- Latest national practice standards. We work with the American Thyroid Association, the American Association of Endocrine Surgeons and the National Comprehensive Center Network (NCCN) to help set the national standards for best practice treatment guidelines. We were also one of the first institutions to work with the Collaborative Endocrine Surgery Quality Improvement Program to improve quality in endocrine surgery.
- Radioactive iodine. In pill or liquid form, it is administered 4 – 8 weeks after surgery to target and destroy thyroid cancer cells anywhere in the body.
- Vandetanib (Caprelsa) and cabozantinib (Cometriq). Both were recently approved to treat late-stage medullary thyroid cancer in patients who are ineligible for surgery.
- Sorafenib (Nexavar). Recently approved by the FDA for the treatment of advanced differentiated thyroid cancer.
Slows or halts cancer cell growth and is used to control thyroid stimulating hormone (TSH) levels.
Uses small incisions and may be performed under local anesthesia in the outpatient setting when appropriate. Includes lobectomy, which removes the side of the thyroid where the tumor is located.
- Near-total or total thyroidectomy. Removes most or the entire thyroid.
- Lymph node removal. May be required if metastatic cancer is diagnosed.
- Chest goiter removal. Removes goiters (enlarged thyroid) that extend into the chest.
- Removal of cancer that has spread to other areas of the neck (neck dissections). May be necessary when cancers spread to lymph nodes or organs in the neck.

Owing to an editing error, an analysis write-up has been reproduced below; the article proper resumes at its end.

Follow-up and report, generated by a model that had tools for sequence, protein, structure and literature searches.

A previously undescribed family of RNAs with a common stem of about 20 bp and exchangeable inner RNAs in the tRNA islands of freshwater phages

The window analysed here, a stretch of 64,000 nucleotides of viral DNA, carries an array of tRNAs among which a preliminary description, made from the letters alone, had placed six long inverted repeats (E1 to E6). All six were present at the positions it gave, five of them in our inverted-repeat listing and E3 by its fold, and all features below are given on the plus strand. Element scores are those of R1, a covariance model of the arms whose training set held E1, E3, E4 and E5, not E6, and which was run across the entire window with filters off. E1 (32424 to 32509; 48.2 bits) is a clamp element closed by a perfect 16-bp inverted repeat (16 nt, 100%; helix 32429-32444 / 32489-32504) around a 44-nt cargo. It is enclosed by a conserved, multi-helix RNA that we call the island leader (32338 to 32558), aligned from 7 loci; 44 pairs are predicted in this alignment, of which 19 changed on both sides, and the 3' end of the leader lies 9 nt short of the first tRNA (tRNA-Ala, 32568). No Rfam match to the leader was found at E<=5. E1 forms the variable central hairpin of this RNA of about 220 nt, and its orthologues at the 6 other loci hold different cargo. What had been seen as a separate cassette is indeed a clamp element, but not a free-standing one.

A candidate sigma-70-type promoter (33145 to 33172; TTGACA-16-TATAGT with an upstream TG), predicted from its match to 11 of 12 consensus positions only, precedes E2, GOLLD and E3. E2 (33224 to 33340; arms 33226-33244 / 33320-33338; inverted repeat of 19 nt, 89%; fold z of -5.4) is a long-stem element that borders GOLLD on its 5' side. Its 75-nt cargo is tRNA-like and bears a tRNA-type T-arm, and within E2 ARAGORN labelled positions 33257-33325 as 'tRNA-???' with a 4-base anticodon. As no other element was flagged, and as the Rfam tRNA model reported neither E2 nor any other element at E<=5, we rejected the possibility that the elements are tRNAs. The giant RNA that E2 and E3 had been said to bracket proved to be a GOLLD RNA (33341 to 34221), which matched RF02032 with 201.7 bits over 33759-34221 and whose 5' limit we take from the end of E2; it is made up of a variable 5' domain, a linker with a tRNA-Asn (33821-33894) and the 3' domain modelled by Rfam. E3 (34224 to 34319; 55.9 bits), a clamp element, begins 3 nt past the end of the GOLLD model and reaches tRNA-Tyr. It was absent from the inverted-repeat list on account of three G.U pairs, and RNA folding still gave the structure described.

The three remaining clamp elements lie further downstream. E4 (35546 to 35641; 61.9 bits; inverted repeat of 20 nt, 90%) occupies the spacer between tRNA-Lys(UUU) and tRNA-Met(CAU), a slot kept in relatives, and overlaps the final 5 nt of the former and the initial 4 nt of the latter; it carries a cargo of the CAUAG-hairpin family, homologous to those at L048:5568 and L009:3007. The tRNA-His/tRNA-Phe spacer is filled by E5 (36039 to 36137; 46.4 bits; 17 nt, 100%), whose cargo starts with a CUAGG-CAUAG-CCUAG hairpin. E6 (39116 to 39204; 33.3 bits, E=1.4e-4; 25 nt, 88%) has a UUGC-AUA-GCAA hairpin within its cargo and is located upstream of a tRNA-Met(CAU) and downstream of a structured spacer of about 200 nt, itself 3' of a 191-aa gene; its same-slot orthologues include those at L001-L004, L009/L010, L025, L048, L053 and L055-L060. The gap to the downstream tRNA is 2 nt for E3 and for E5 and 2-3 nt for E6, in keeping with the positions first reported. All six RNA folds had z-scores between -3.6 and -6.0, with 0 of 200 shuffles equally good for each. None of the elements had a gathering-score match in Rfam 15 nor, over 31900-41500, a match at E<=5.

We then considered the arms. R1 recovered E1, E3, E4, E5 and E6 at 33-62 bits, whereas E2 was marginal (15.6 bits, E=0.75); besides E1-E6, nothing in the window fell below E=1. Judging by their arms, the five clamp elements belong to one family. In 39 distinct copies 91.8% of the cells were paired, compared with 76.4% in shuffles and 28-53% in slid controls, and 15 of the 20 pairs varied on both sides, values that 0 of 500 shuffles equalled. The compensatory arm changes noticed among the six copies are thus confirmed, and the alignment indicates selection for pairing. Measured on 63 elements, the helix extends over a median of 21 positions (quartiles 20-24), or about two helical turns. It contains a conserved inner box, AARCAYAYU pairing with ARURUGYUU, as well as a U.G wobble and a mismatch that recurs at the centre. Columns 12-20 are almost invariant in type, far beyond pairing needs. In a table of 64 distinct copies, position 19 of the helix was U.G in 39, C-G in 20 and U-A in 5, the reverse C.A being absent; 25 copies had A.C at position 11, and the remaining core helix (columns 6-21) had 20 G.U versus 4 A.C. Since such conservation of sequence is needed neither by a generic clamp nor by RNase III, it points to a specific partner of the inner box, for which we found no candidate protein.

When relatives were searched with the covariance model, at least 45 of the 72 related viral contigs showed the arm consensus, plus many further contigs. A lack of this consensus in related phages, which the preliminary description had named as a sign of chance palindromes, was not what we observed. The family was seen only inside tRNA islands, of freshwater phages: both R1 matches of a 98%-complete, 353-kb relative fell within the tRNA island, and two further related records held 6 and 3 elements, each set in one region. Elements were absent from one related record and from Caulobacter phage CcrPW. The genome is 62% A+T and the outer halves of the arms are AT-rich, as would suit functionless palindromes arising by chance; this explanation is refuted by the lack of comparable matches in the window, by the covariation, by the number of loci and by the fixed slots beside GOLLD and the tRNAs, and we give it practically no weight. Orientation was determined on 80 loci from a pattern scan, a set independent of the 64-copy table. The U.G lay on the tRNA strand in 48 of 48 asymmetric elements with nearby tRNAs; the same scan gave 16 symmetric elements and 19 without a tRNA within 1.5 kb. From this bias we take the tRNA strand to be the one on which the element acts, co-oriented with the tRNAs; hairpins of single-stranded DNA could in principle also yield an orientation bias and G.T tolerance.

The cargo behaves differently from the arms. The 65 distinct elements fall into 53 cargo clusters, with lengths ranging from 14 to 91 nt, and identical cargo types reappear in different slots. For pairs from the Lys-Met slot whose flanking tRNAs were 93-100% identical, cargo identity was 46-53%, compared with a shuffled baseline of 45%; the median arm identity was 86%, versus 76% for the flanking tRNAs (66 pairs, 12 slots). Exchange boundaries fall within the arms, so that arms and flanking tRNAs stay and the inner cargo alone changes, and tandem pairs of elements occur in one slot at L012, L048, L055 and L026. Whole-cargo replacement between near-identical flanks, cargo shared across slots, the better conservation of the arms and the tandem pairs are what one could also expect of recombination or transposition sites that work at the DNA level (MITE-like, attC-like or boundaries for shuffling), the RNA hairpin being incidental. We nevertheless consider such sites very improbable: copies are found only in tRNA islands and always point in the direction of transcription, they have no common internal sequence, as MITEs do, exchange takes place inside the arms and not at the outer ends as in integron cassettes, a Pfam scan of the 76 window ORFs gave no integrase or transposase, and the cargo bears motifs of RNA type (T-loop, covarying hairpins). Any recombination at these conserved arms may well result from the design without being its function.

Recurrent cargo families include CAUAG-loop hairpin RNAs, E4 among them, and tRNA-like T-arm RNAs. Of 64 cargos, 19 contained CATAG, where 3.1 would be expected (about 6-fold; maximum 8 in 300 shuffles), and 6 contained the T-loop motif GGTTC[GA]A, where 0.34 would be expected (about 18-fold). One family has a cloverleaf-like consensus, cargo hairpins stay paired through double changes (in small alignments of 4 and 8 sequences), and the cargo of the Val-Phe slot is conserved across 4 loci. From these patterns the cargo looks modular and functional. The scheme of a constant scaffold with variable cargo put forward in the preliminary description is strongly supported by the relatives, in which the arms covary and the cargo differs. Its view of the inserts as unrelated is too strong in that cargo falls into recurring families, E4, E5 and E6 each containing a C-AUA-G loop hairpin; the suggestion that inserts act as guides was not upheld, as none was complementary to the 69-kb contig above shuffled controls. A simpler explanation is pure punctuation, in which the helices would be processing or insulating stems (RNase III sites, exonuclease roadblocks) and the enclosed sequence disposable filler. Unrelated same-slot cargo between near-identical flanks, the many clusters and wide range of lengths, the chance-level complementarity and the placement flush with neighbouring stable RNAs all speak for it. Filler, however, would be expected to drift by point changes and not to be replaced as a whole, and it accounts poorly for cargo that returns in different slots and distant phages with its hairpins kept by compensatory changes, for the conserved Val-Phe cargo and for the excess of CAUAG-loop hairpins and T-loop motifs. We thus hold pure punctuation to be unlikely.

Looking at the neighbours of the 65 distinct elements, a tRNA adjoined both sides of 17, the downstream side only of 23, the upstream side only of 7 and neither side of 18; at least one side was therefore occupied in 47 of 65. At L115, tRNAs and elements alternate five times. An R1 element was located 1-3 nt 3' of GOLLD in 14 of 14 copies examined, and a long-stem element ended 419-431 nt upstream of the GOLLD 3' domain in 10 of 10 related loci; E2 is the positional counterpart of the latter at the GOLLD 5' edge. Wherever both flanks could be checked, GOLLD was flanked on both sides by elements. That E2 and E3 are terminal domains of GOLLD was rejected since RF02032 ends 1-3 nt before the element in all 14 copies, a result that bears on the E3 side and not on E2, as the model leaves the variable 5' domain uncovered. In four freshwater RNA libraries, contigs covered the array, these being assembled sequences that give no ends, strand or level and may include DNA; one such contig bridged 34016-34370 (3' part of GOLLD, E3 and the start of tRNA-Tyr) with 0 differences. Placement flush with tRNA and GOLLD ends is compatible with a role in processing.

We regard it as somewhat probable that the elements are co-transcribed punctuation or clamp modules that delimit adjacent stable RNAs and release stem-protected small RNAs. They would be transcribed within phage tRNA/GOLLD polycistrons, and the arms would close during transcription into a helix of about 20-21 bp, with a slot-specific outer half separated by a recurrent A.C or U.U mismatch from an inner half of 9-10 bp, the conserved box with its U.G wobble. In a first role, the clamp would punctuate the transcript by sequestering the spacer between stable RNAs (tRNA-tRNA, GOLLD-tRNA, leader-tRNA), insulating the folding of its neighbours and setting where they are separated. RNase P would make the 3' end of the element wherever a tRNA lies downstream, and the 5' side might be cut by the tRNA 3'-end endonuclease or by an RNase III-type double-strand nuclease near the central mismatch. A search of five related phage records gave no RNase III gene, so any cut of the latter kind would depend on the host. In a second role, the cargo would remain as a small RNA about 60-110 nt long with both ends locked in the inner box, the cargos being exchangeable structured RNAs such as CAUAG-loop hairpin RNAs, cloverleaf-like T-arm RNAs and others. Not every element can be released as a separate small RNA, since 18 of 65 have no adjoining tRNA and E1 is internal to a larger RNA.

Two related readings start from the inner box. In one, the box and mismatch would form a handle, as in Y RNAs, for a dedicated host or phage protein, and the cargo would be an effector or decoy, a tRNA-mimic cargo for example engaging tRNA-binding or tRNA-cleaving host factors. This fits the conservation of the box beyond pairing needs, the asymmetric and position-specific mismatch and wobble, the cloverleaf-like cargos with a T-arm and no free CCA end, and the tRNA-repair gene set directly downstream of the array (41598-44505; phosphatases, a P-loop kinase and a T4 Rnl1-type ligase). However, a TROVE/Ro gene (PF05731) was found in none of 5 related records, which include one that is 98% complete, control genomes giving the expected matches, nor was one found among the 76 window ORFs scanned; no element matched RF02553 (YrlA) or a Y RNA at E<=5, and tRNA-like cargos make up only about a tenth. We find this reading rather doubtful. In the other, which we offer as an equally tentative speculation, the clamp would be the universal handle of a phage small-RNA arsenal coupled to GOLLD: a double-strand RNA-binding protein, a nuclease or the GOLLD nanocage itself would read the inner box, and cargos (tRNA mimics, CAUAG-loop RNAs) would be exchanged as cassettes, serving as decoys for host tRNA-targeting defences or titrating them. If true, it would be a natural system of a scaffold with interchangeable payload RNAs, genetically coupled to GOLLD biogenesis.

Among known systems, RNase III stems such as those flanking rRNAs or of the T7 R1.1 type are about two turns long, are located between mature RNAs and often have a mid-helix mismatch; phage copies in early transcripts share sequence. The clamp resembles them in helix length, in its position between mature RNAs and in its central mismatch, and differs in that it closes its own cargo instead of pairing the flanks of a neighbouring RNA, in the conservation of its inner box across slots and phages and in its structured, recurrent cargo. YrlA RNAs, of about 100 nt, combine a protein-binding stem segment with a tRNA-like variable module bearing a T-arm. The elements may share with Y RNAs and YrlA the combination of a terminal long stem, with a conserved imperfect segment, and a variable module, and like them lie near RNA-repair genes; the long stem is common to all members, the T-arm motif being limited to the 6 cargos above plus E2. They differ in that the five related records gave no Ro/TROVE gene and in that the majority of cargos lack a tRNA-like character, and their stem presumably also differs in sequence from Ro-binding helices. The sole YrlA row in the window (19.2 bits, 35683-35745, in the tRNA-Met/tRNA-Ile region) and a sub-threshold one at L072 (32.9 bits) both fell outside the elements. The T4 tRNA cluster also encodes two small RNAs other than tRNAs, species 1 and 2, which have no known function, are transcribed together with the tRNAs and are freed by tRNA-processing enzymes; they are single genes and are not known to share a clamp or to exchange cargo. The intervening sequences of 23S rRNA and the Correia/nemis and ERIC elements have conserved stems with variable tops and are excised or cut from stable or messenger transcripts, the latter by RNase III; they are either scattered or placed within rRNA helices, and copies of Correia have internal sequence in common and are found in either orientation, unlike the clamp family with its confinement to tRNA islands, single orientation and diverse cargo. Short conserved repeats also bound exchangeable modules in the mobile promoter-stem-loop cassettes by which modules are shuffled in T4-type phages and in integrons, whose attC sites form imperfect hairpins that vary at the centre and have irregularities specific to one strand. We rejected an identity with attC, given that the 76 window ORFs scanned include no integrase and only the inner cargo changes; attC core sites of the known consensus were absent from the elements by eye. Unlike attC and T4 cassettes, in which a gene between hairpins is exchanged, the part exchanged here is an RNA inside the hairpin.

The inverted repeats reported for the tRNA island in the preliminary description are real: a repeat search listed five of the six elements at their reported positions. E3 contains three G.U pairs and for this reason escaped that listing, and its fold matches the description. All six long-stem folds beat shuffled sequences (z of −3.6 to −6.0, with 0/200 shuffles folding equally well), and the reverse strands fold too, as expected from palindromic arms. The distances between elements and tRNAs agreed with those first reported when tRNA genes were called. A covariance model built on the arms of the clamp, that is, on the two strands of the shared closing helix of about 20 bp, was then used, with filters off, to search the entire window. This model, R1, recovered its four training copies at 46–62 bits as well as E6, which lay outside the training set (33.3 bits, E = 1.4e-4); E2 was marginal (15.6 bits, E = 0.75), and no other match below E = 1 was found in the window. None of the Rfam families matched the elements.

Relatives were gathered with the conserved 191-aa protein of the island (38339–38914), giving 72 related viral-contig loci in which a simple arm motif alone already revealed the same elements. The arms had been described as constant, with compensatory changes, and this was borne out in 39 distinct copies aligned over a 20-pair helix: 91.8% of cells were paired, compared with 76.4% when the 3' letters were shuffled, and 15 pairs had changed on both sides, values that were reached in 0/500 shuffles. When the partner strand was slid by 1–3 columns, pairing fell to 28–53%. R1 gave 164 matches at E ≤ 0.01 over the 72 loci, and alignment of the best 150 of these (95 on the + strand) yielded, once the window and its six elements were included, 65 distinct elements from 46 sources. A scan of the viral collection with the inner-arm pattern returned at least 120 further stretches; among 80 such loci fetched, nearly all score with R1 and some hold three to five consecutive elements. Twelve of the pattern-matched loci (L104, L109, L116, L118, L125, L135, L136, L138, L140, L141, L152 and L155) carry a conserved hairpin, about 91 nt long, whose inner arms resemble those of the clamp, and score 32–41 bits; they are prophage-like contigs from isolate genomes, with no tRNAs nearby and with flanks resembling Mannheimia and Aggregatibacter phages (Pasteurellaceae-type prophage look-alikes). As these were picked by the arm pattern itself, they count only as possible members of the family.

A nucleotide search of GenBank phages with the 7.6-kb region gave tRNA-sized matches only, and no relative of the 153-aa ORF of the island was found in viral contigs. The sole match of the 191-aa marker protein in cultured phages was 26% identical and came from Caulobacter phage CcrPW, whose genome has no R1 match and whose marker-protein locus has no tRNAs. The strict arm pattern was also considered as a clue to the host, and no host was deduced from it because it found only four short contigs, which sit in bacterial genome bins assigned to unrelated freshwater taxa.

- Re-operations. For recurrent tumors or goiters in previously operated necks.
Our specialists perform a variety of tests to accurately determine the type, location, and stage of your cancer. This allows us to plan the most effective treatment plan, optimized to your individual needs.
Measure thyroid function and help identify thyroid dysfunction.
Surgeon- or radiologist-directed ultrasound imaging of the neck pinpoints the location, size and extent of the tumor and any possible spread to adjacent lymph nodes.
An ultrasound-guided fine needle is used to biopsy thyroid nodules and determine if cancer is present. If necessary, molecular testing of thyroid biopsies may be used to rule out cancer and to avoid an operation. Molecular testing can also identify certain mutations, such as BRAF V600E. The results can help the surgeon select the most appropriate type of procedure and tailor treatment.
Checks whether the vocal cords move normally and helps identify if tumors have spread to the nerves moving the vocal cords.
Radioactive iodine scans, CTs, or, more seldomly, PET-CTs, may be performed after surgery to determine if the cancer has been completely removed.
Genetic counseling may be recommended when inherited thyroid cancers and related cancers are suspected. Learn more about our hereditary cancer clinic.